SAN TAN VALLEY — A heated argument on the social media platform Snapchat contributed to a homicide in San Tan Valley earlier this month, court records show.
According to Pinal County Sheriff’s Office records, Gage Perez, 20, of San Tan Valley surrendered to sheriff’s deputies May 7 after he allegedly shot and killed Adrian Clark about 11:35 p.m. on May 6 in San Tan Valley.
PCSO took a call regarding shots fired in the area of North Appalachian Trail in San Tan Valley, and when deputies arrived, they found the 35-year-old Clark shot three times and lying in the street. Clark was pronounced dead at 12:50 a.m. on May 7 at Banner Ironwood Medical Center.
Witnesses at the scene identified the suspect as Perez, who initially fled the scene but surrendered a short time after the shooting.
According to a PCSO probable cause statement, deputies located Perez’s father’s phone number, and they spoke with his father. A short time later Gage Perez called deputies saying he wanted to turn himself in to law enforcement. He surrendered to PCSO deputies at 12:37 a.m. on May 7, 13 minutes before Clark was pronounced dead at the hospital.
According to a witness in the case, the dispute began as an argument on Snapchat. She told investigators that Alyssa Perez was speaking poorly about a person known as “AB.” A brother to the witness “interjected in the Snapchat story in defense of AB. Alyssa Perez was offended by the comments and advised her brother Gage Perez,” a probable cause statement reads.
The two men began texting each other, according to court records, and Perez “responded to the residence on Appalachian Trail to engage in a physical fight.”
The witness told PCSO investigators that Gage and Alyssa Perez arrived at the house and got out of the vehicle they were in and everyone became engaged in an argument.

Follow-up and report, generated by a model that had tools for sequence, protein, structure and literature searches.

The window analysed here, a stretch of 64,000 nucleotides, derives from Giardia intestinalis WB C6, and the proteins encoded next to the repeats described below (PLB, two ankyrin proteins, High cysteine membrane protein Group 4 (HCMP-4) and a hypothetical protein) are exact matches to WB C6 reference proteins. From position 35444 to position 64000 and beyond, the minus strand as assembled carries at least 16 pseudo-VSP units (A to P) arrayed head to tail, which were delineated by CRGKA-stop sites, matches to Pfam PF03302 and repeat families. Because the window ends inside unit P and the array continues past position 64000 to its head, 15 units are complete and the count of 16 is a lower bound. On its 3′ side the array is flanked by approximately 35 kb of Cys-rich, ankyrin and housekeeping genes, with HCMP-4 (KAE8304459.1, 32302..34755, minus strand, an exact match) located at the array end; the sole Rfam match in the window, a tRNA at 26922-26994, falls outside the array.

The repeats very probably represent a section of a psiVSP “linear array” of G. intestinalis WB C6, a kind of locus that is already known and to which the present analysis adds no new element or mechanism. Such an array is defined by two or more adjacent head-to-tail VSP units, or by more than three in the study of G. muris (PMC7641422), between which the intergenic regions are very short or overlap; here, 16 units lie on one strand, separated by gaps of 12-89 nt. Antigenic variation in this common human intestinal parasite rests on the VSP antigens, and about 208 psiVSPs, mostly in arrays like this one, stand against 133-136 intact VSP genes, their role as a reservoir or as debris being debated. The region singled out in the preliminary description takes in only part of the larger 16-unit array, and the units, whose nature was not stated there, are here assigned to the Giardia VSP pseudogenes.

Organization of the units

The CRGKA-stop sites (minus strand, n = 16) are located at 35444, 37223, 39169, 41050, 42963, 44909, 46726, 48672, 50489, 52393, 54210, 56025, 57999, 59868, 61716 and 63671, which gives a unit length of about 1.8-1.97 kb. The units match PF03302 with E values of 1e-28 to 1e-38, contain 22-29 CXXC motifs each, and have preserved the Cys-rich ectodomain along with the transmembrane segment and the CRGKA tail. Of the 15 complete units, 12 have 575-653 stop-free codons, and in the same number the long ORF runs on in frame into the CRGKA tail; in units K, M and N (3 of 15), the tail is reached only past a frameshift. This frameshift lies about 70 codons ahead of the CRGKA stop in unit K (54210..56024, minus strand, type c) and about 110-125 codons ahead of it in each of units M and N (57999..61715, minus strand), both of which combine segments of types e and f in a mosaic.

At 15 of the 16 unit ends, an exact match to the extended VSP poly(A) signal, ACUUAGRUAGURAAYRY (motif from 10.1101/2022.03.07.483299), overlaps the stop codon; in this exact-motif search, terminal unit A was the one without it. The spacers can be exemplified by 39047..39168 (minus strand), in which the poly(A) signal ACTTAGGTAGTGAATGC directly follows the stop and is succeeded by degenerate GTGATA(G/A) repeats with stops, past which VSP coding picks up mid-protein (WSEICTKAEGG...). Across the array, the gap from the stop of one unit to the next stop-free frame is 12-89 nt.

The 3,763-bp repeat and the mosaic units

“She stated that Gage and Alyssa Perez returned to the vehicle; however the verbal altercation continued,” court records state, “Adrian Clark exited his residence to investigate the yelling. She stated Adrian Clark approached the left rear taillight of the white car, at which time Gage Perez shot Adrian Clark by firing three shots from a handgun and fled the scene in the white car.”
Two other witnesses back up the first statement given to investigators.
PCSO detectives also obtained a video recording of the incident from a surveillance system.
“The victim was seen exiting his residence and walks up to the vehicle. Seconds later the three muzzle flashes are seen and people separate.” Three 9mm cartridge casings were found at the scene, the PCSO deputy wrote in the probable cause statement.
It is unknown if Clark was related to anyone involved in the online argument, based on court records. He did not have the same last name as anyone else involved in the case, including witnesses to the crime.
Initially Perez was booked into jail for first-degree murder, but the charge was later dropped to second-degree by the Pinal County Attorney’s Office.
Perez remains in the Pinal County jail pending the posting of a $250,000 secured bond and is scheduled to appear Friday in Superior Court.